eradication of every sacrilegious outrage upon modesty, without any mention of
restoration. I wish, however, redundantly to superadd the testimony likewise of
one particular comrade of the apostles, aptly suited for confirming, by most
proximate right, the discipline of his masters. For there is extant an epistle
to the Hebrews under the name of Barnabas, a man sufficiently accredited by God,
as being one whom Paul has stationed next to himself in the uninterrupted
observance of abstinence: Or else, I alone and Barnabas, have not we the power
of working? And of course the epistle of Barnabas is more generally received
among the churches than that apocryphal Shepherd
of the adulterers. Warning the disciples, accordingly, to omit all first
principles and to strive rather after perfection, and not lay again the
foundations of repentance from the works of the dead, he says: For impossible
it is that they should be again recalled unto repentance who have once been
illuminated and tasted the heavenly gift, and who have participated in the holy
spirit and tasted the word of God and found it sweet, when they shall have
fallen away, their age already setting, since they crucify again for themselves
the son of God and dishonor him. For the earth, which has drunk the rain often
descending upon it and has borne grass apt for those on whose account it is
tilled, attains the blessing of God; but, if it should bring forth thorns,
it is reprobate and nigh to cursing, whose end is unto utter burning. He who
learned this from apostles and taught it with apostles never knew of any
second repentance promised by apostles to the adulterer and fornicator.
For excellently was he wont to interpret the law and keep its figures even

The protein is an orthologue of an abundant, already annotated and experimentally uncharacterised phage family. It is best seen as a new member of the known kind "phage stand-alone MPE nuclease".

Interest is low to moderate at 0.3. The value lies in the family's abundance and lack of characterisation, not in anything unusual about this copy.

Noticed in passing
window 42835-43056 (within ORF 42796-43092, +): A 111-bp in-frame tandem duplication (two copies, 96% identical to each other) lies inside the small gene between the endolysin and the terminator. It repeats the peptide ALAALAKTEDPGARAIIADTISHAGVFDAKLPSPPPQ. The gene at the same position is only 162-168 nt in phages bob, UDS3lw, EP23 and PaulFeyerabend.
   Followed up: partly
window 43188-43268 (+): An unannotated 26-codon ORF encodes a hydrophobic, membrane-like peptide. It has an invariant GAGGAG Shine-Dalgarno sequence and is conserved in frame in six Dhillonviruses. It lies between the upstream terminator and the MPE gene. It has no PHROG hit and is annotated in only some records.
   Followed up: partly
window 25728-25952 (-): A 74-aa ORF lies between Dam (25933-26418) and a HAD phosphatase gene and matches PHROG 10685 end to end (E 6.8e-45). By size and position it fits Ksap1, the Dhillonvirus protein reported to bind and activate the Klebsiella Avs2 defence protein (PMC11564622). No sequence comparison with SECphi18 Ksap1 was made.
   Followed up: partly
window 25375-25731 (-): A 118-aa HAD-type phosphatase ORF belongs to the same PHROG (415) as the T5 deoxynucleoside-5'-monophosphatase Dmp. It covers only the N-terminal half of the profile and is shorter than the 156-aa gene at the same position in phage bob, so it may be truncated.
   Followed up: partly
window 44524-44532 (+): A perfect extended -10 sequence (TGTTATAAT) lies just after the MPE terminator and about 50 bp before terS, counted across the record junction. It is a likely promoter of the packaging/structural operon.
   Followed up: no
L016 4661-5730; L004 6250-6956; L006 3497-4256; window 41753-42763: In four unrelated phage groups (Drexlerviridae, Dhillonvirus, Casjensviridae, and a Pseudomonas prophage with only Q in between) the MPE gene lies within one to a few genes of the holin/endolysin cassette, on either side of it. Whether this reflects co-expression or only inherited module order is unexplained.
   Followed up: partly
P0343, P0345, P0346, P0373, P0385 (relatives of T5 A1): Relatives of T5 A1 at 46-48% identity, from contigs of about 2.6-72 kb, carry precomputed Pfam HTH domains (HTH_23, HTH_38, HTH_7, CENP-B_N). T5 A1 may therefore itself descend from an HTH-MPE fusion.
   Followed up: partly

in the truth itself.
Origen, Against Celsus 1.63:
Now it is written in the catholic epistle
of Barnabas, whence perhaps Celsus took the saying that the apostles
were infamous and most evil men, that Jesus elected his own
apostles as men who were guiltier beyond all lawlessness.*
* Refer to Barnabas 5.9.
Eusebius, History of
the Church 6.14.1-4:
And in the Hypotyposeis, to speak briefly, [Clement] has made concise
accounts of every testamental scripture, not even leaving out the disputed
ones, that of Jude, I say, and the rest of the catholic epistles, and that
of Barnabas as well as that called the apocalypse of Peter.
And he says that the epistle toward the Hebrews is also
of Paul, but it was written to Hebrews in a Hebrew voice, and Luke honorably
translated it and published it for the Greeks, for which reason the same style
is found, because of this translation, both in the epistle and in the
But [he says that] the words: Paul an apostle, were
not prefixed, and that customarily, for, he says, in writing an epistle to
Hebrews who had formed a prejudice against him and were suspicious of him,
he very cleverly did not drive them away at the beginning by placing his
Then under that he says further: But already, as the
blessed elder used to say, since the Lord, being an apostle of the almighty,
was sent toward Hebrews, Paul through modesty, as one sent to the gentiles,
does not inscribe himself as apostle of Hebrews, both through honor toward
the Lord and on account that he wrote the epistle to the Hebrews from his
abundance, being a preacher and apostle of gentiles.
Jerome, On Famous Men 6:
Barnabas Cyprius, qui et Ioseph Levites,
cum Paulo gentium apostolus ordinatus, unam ad aedificationem
ecclesiae pertinentem epistolam composuit, quae inter apocryphas
scripturas legitur. hic postea propter Ioannem discipulum, qui et
Marcus vocabatur, separatus a Paulo, nihilominus evangelicae
praedicationis iniunctum sibi opus exercuit.
Barnabas the Cyprian, who is also Joseph the
Levite, ordained as an apostle to the gentiles with Paul,
wrote one epistle, valuable for the edification of the church,
which is reckoned among the apocryphal writings. He afterwards
separated from Paul on account of the disciple John, who was also
called Mark, but nonetheless exercised the work enjoined upon him of
preaching the gospel.